Assess Your Health
If your health care professional thinks you have asthma, he or she will take your history and may have you undergo several diagnostic tests.
InteliHealth/Harvard Medical Content
The story you tell your health care professional is one of the most important clues he or she will use to figure out if you have asthma. Spare no detail.
If you sometimes have trouble breathing, describe how you feel when you struggle for breath, and try to remember what you were doing just before it happens. Do you wake up at night short of breath? Does a nagging cough wake you at night but rarely trouble you during the day? Did a cold or the flu make it extra difficult to breathe? Do you have any allergies to animals or to something in your environment? Have you recently moved? Do you have a new job? Think of any changes especially in your environment that may be the cause of your breathing problems.
While you are telling your health care professional about your symptoms, he or she will be watching you for clues, such as whether you have trouble talking because your breathing is difficult or whether it seems as if it takes you extra physical effort to breathe in and out
Using a stethoscope, your health care professional will check your lungs as you breathe, listening for the classic wheeze of asthma (a harmonica-like whining noise) as you breathe out. If it takes you longer than average to exhale each breath, this is a clue for your doctor that suggests asthma. Your health care professional also will look and listen for other causes of your breathing problems, such as an infection or signs of heart disease. If it looks as though asthma might be the cause of your symptoms, he or she may ask you to blow into a peak flow meter.
He or she may also estimate the amount of oxygen in your blood by placing a probe over your finger.
If your health care professional thinks you have asthma, a common way to confirm that diagnosis is to start an asthma treatment and see if you feel better. This means using an inhaler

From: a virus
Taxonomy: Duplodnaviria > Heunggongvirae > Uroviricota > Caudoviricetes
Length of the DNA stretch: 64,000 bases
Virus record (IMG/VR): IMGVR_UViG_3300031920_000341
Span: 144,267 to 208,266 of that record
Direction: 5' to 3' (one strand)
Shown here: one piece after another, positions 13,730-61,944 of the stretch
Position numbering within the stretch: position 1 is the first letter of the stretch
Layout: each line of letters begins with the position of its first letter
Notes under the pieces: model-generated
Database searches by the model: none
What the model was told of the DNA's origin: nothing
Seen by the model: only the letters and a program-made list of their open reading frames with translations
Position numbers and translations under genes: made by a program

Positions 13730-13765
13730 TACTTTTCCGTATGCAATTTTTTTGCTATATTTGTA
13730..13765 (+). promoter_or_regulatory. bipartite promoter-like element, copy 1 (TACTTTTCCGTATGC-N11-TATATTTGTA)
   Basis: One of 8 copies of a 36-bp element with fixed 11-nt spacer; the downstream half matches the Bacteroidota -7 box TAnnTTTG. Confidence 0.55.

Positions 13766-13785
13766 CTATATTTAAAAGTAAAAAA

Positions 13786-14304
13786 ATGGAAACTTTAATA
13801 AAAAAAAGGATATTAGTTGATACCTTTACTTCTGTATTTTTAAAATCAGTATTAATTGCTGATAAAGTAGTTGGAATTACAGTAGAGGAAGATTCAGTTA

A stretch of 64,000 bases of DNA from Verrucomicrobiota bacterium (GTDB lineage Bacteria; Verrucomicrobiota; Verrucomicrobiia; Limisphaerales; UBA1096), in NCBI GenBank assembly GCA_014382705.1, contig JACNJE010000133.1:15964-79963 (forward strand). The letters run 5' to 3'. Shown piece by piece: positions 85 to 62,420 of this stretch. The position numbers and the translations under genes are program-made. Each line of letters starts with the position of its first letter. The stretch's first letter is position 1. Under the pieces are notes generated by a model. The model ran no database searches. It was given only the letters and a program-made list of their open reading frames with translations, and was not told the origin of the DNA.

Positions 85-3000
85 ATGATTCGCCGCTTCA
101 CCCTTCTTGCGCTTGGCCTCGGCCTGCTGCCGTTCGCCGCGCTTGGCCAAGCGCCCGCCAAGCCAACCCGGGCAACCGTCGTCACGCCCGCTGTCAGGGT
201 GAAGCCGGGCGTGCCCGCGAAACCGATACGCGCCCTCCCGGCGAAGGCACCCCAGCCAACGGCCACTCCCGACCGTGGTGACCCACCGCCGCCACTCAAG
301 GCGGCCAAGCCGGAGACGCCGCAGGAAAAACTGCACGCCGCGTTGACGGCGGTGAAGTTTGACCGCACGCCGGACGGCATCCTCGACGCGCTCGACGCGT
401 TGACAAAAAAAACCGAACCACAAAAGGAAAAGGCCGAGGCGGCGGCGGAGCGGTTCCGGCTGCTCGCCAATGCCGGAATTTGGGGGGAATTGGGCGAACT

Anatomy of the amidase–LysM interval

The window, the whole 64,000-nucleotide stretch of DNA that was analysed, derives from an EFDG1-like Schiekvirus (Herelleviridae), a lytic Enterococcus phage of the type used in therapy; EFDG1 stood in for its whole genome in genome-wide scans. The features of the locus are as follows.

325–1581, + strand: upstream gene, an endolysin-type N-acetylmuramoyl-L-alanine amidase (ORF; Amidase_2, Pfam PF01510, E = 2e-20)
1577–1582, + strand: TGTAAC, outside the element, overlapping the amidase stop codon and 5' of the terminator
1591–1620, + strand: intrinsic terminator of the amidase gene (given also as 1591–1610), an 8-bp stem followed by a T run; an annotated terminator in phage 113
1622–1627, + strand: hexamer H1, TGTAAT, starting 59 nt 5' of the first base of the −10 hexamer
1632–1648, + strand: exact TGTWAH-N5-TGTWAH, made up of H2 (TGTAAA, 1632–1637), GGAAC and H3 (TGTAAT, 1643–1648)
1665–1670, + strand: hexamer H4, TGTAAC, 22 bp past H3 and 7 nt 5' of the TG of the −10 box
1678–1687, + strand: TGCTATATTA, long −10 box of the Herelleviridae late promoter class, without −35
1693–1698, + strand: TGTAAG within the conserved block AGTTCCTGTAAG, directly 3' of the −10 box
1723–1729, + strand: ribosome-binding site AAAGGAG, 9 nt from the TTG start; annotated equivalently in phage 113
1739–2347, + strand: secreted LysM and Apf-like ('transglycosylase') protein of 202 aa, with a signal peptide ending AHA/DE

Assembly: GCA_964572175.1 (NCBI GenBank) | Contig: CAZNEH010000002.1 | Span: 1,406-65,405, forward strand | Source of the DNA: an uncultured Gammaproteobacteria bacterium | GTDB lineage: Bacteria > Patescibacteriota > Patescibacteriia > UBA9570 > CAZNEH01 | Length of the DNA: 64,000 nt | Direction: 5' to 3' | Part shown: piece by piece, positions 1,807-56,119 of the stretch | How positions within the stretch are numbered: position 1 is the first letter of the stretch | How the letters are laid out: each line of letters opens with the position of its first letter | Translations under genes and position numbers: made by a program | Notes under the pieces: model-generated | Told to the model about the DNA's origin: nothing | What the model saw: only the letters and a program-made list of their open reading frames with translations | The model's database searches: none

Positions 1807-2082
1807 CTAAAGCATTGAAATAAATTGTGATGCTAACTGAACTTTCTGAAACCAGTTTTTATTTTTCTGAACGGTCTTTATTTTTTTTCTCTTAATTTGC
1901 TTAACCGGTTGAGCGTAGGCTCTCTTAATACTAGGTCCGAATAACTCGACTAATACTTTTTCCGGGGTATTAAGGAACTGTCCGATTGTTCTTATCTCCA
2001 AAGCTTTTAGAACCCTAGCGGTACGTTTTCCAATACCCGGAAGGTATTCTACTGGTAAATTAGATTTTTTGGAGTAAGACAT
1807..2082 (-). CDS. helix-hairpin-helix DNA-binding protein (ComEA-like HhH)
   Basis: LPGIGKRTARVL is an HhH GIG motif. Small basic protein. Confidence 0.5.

or a nebulizer
to breathe in a drug that can open the airways. You may do this in the medical office or you may be sent home with one of these devices (and instructions on how to use it) to see if your symptoms improve over the next few days or weeks.
If this doesn't nail down the diagnosis, you may need to undergo further testing with one of the following:
Pulmonary function test.
This is a more complicated and thorough version of a peak flow meter.
It involves breathing into a machine that can take many measurements. In addition to testing the strength of your breaths, the machine can tell how much air your lungs can hold and whether the lung tissue shows any signs of damage. If a pulmonary function test shows measurable improvement after your doctor has had you breathe in an airway-opening drug, then you probably have asthma.
Most people with asthma do not have any lung damage in the soft air sacs of the lung (alveoli), even people who have had dramatic attacks. This shows that asthma is more a problem of the air tubes and not the lung tissue, where oxygen and carbon dioxide are exchanged. Other types of breathing problems such as chronic obstructive pulmonary disease
damage the lung tissue itself.
Methacholine challenge test.
Another test that helps confirm a diagnosis of asthma is the methacholine challenge test. This is a special drug test done at the same time as a pulmonary function test.
Your health care professional will ask you to inhale a drug (methacholine) that constricts the airways in some people. If your airways constrict, your doctor will then give you an airway-opening drug. People sensitive to methacholine who then respond to an airway-opening drug are likely to have asthma.
Unfortunately, the test is not 100 percent accurate. You could have a positive test result and not have asthma, or you could have a negative test result and have asthma. Still, a reaction to methacholine makes asthma a likely diagnosis for you.
Finally, you might be asked to have a chest X-ray. Although the resulting picture of your lungs isn't that helpful in diagnosing asthma, it can reveal other causes of breathlessness, such as pneumonia or heart failure.
Last updated July 28, 2008
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